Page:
‘I learned to make money while I slept’: Don Barden built a $500 million business starting with $500 in savings

BY Preta Peace Namasaba March 17, 2024 10:40 PM EDT
Don Barden. Photo credit: Las Vegas Review-Journal

Don Barden‘s rise to the top is a true grass-to-grace story. Beginning with a record label and newspaper, he developed the largest Black cable television operator. Barden was the first African-American to own a casino in the nation’s gaming capital of Las Vegas which posted revenues of more than $500 million. But it all began with $500 in savings.

“I’m on a mission to prove that a poor, young African-American from a very large family, from humble beginnings, can rise to the top in America in a free enterprise system. I think it’s a natural progression, just to show that there is no limit, you can go to the stratosphere, you can go beyond the imagination, you can go beyond the ordinary wealth of an athlete. It’s bragging rights. It’s prestige. We’ll become role models for young people,” Barden told the Las Vegas Sun in 1997.

The ninth of 13 children, Barden was born on a farm in Detroit, Michigan. He credited growing up poor and his parents for his strong work ethic. By high school, Barden was captain of both the basketball and football teams. He developed the determination, persistence, and intensity to succeed at 18 while rebuilding auto parts. He noticed that the store owner was up at the front counter making all the money while he was in the back doing all the hard work. Barden was motivated to try to be successful with his own business.

He scrapped together money and attended Central State University in Ohio. Unfortunately, the money ran out and he had to drop out after one year. Barden took on a series of odd jobs, ranging from being a mover, and plumbing and a heating company laborer to working as a short-order cook. He was steadily putting cash aside to prepare for his future.

With $500 he’d saved up, Barden bought a small record store in Lorain, Ohio to take advantage of the emerging music scene in the mid-1960s. The 22-year-old began booking bands for concerts, started a weekly newspaper a year later, and expanded to advertising and public relations in 1968. Nonetheless, Barden felt he wasn’t earning enough. He decided to move into real estate development, buying up buildings and leasing them to the US Government.

When Barden learned military recruiters were looking for office space, he took out a mortgage on his home and bought a building for $25,000 in 1972. He remodeled it, rented it to the military, and was clearing $200 a month. He sold the building for $50,000 two years later. To consolidate his status as a real estate owner, he went on to buy an $85,000 building, put up a $1 million building and another $3.1 million building.

Apart from his business ventures, Barden joined the Lorain County Chamber of Commerce and was elected to a city council seat, He also hosted a weekly TV news program for a decade.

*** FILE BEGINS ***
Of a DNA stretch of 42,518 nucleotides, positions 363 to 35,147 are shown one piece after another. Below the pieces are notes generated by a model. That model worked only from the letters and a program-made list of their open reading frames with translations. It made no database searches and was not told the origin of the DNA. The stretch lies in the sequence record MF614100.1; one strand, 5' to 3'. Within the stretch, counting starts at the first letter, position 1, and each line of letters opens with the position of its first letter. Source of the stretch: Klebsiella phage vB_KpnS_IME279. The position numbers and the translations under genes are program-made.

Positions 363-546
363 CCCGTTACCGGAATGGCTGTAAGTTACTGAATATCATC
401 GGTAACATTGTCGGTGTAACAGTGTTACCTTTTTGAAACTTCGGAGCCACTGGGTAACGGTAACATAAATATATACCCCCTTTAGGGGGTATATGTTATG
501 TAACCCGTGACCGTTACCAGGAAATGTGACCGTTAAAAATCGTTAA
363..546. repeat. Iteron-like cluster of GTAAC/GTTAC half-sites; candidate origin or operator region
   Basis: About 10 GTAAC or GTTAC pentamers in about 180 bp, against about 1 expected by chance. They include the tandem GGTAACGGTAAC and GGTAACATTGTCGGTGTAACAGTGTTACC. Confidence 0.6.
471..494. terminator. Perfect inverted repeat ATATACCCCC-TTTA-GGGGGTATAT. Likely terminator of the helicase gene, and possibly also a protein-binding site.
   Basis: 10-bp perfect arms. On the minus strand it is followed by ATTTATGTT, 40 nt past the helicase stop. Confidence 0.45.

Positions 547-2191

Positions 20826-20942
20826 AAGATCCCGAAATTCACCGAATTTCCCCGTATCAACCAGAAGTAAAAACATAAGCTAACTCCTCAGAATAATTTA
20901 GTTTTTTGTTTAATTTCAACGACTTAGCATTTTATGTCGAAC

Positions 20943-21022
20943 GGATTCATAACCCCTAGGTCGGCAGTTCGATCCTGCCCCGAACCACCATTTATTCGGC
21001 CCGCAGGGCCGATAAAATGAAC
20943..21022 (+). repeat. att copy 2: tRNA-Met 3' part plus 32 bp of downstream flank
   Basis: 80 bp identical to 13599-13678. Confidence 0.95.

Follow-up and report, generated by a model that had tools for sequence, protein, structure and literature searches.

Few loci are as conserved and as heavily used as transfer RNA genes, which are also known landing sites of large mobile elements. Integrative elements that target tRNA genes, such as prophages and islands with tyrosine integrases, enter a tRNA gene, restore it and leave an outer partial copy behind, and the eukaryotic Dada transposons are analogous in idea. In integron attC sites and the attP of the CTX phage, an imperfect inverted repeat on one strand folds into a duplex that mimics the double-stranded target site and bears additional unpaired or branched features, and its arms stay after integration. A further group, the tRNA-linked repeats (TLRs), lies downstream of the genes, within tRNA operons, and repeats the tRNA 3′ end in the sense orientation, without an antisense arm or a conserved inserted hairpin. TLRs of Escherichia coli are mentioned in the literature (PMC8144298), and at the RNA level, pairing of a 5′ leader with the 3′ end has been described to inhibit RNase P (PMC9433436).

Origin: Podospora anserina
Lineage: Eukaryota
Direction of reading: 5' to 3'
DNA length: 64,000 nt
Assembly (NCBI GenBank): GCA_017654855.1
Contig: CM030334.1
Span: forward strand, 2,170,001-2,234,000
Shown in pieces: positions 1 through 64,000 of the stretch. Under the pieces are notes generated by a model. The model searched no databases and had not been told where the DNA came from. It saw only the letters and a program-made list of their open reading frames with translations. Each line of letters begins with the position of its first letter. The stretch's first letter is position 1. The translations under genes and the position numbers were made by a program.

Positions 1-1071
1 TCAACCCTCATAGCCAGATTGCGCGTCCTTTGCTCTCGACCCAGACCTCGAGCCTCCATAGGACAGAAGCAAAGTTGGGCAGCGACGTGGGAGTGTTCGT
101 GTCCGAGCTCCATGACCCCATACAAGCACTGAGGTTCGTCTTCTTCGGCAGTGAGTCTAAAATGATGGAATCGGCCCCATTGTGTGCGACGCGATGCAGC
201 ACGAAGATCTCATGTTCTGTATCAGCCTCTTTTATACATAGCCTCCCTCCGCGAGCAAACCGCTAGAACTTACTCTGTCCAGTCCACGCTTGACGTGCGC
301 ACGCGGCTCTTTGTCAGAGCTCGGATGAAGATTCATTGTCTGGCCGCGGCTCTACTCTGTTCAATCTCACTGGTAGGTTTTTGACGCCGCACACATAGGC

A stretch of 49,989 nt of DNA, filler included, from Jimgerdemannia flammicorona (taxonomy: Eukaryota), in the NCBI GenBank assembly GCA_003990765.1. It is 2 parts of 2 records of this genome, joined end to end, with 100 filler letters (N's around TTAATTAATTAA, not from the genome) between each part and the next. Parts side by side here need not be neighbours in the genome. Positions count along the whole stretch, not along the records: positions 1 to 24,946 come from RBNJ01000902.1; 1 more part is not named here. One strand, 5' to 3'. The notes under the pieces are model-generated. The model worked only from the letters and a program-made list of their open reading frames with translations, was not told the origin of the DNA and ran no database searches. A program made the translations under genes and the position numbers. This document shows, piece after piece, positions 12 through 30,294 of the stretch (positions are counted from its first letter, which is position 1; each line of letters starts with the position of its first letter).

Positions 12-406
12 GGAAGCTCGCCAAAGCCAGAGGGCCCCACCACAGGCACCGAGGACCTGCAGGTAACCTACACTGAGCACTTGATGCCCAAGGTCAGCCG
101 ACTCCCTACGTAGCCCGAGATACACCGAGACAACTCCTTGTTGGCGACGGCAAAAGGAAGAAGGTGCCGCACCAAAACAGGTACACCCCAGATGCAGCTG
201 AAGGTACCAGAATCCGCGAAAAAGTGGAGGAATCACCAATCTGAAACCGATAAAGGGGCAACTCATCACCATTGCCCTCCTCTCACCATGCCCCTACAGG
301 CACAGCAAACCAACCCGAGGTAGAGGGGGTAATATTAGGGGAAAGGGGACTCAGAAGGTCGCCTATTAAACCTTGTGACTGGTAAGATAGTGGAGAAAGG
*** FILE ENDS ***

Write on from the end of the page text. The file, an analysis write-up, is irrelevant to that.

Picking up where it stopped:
By the 1980s, Barden had established an entrepreneurial blueprint. He would move swiftly from enterprise to enterprise, using capital from one venture to finance the next and quickly seeing the profits. He saw the opportunities in cable TV and once again began his investment pattern. In 1979, he established Barden Cablevision with earnings he gained in Ohio real estate. Barden invested $2,000 each in two cable franchises, earning $400,000 in profits when he sold a few years later.

“I have learned to look for businesses that make money while I sleep. I like to acquire any business that doesn’t require an exorbitant amount of time and capital to turn it around. Yet, I want to be able to expand the core businesses. I have been able to do that with real estate, cable, and gaming. If you find viable businesses with solid management, you are not drained by the day-to-day operations. You can scope out other opportunities,” Barden said about his business philosophy.

Barden put almost all his money on the line trying to win the Detroit cable franchise. Although he was scared, the risk ultimately paid off. He signed up over 100,000 customers (one-third of the homes in Detroit) and developed the largest Black cable television operator. In 1994, Barden cashed in $115 million when he finished selling his cable interests. He was finally in the big leagues.

After Indiana legalized casinos in 1993, Barden saw possibilities of yet another venture. He was winding down his cable interests and decided to pursue the casino industry due to its similarities to cable. Barden out-competed 20 casino applicants to win one of two riverboat gaming licenses. The casinos were generating $53 million in revenues within six months of opening. In the meantime, Barden set his sights on a far bigger prize.

In 2002, Barden successfully bid for three Fitzgeralds casinos that had recently filed for bankruptcy. He managed to borrow $135 million, put up $14 million of his own cash and bought the casinos for $149 million. Barden consequently became the first African American to wholly own a casino in Las Vegas, the nation’s gambling capital. His casino empire employed 4,000 people and had an annual turnover of $347 million at its height. Barden guided his company and its affiliates to revenues of over $519 million, making his empire one of the largest African-American-owned businesses in the country.

Barden passed away in 2011 at age 67 after several months of battling lung and brain cancer. He left behind a shining legacy of how far determination and vision can carry a person.